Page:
“I have been in contention coming into the weekend here before and did not finish it off but I have had a lot of experience since and am swinging it well and stroking it the best I have with the putter so it is a good feeling.
“If they keep presenting the course like it is, it is a birdie fest and with my length I can reach all the par fives so it is a big advantage.”
The pre tournament favourite and world number two Yani Tseng was the first to finish closest to Lewis when she birdied her last hole after a day of frustration on the greens. “It felt like along day for me as I got frustrated as I could not make any putts. All my birdies came on the par fives until the 16th and then I had a give in putt at the last. I don’t know whether it was my stroke or my head but I just couldn’t make a good stroke but I kept patient and hung in there and am proud of myself.
“I’m only one shot behind and if I keep aggressive tomorrow and then I just need to make a few more balls drop into the hole.”
Finishing just a few groups ahead of Lewis and the first of the day to actually finish on 10 under was South African Ashleigh Simon. Simon, always a precocious talent as an amateur, won her third event as a professional in 2007 and actually played the PGA Tour for a couple of seasons before returning to the Ladies European Tour. Her round of 66 included two bogeys.
Germany’s Sandra Gal also played early on day two and her round of 64 moved her from the threat of a missed cut to contention. The University of Florida graduate will play her fourth LPGA Tour this season and although she has recorded only two top tens in 47 starts she has done well to retain her status and right to play at the highest level. A good tournament this week could just be the catalyst for.
American Ryan O’Toole was a two time winner on the Futures Tour in 2010 allowing her to graduate to the LPGA Tour for the first time for 2011 albeit with limited status. O’Toole turned 24 today and celebrated in style with six birdies in the space of eight holes in the middle of her round to move to 10 under. She actually moved within one when she birdied the par three 16th but dropped a shot at the 17th.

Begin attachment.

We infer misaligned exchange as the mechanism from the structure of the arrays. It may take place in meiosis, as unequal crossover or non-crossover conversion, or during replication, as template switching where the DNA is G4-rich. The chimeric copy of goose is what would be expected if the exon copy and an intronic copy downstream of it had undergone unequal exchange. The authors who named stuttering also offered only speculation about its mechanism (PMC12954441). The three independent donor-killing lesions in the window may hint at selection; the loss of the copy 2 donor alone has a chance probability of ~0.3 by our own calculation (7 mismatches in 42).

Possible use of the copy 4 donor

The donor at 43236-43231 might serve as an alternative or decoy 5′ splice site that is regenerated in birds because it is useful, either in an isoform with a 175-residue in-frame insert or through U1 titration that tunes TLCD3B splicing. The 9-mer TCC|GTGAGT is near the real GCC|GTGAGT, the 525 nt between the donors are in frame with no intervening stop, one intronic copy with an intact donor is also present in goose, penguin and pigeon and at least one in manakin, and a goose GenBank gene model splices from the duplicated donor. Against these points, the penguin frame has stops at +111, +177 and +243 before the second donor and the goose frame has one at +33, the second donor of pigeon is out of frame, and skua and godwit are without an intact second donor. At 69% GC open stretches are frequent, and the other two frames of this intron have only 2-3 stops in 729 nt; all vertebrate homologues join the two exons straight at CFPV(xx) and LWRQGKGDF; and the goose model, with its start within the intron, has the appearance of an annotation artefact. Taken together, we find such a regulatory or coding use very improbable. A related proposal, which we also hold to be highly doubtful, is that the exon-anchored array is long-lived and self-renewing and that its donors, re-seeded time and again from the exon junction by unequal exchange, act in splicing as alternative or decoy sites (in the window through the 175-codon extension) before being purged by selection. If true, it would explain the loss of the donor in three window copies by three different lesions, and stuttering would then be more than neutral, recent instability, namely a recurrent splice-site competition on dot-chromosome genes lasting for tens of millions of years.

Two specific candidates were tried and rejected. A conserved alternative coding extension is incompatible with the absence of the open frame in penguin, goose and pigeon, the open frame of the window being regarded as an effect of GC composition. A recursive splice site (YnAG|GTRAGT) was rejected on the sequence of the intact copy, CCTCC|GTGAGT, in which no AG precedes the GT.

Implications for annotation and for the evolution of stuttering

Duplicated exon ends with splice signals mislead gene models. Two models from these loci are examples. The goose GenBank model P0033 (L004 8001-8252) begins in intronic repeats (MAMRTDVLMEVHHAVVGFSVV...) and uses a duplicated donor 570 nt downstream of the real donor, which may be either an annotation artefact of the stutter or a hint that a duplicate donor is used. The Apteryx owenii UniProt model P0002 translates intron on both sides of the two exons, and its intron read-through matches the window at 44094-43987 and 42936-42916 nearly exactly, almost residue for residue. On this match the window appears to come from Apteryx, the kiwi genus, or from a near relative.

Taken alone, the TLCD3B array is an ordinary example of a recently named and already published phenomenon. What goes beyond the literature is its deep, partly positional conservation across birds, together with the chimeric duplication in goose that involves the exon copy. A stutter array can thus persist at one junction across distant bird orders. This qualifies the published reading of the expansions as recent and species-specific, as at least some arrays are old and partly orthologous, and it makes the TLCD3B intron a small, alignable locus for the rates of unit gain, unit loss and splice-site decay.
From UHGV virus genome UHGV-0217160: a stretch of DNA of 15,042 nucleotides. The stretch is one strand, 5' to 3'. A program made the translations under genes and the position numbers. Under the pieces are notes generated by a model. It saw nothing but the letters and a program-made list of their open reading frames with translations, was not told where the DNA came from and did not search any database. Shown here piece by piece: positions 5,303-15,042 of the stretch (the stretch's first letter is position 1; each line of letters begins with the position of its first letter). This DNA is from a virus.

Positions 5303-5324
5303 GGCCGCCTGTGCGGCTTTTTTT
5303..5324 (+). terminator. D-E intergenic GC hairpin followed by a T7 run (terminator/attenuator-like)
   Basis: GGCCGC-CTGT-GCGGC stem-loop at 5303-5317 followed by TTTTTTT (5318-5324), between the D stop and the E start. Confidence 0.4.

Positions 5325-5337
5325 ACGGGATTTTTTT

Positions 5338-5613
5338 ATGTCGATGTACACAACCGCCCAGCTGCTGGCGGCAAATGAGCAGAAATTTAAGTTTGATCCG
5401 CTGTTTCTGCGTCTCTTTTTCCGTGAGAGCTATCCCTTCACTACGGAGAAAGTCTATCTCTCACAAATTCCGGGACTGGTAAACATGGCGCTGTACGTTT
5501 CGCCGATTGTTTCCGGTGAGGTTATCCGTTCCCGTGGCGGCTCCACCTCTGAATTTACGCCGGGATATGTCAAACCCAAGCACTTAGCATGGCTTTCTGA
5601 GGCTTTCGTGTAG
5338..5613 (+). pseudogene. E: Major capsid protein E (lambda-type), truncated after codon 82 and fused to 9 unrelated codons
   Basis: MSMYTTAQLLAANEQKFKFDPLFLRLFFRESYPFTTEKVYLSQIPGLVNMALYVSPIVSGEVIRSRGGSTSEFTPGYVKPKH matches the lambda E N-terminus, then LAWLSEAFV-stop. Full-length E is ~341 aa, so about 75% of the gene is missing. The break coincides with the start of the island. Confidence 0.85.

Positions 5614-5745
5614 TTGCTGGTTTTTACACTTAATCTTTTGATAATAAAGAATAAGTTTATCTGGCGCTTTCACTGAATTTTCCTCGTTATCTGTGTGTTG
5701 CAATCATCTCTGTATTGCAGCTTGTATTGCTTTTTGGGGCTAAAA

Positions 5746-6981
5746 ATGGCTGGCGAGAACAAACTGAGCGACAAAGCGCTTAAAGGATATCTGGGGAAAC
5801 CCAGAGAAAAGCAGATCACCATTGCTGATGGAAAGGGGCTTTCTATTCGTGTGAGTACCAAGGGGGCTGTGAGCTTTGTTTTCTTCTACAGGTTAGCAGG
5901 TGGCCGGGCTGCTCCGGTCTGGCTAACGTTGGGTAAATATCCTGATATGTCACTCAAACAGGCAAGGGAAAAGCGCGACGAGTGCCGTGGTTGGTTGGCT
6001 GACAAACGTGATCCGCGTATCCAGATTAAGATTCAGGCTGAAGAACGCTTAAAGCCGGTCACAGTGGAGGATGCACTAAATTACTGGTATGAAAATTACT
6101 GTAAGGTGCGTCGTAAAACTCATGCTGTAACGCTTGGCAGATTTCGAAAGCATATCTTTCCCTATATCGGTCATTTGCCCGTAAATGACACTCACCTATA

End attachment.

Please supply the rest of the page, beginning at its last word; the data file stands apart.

One of the first round leaders, Spain’s Maria Hernandez, added two birdies late in her round to also finish at 10 under, Korean Shin-Ae Ahn lived up to her form on the 2010 Korean LPGA Tour with consecutive rounds of 67 and Melissa Reid made it 34 birdies in her last 108 holes when she added a second consecutive round of 67 to be in that large group within two of the lead.
Reid recorded 23 birdies at last week’s Australian Women’s Open which in itself was an achievement and considerably more than any other player in the field. She finished in a share of second then and could go even better this week.
The cut fell at 4 under one of the lowest in the history of the event. The opening two days have seen the golf course ripped apart by this classy field and if the reigning champion Karrie Webb is to win this week she will need to continue that birdie blitz tomorrow. Webb is at 7 under and five behind the lead. She has a massive task ahead of her, not only that she is five behind but that there are twenty four players ahead of her.
In order for any player to win however they will be require perhaps countless birdies. This weekend it might well be a case of fastening your seat belt.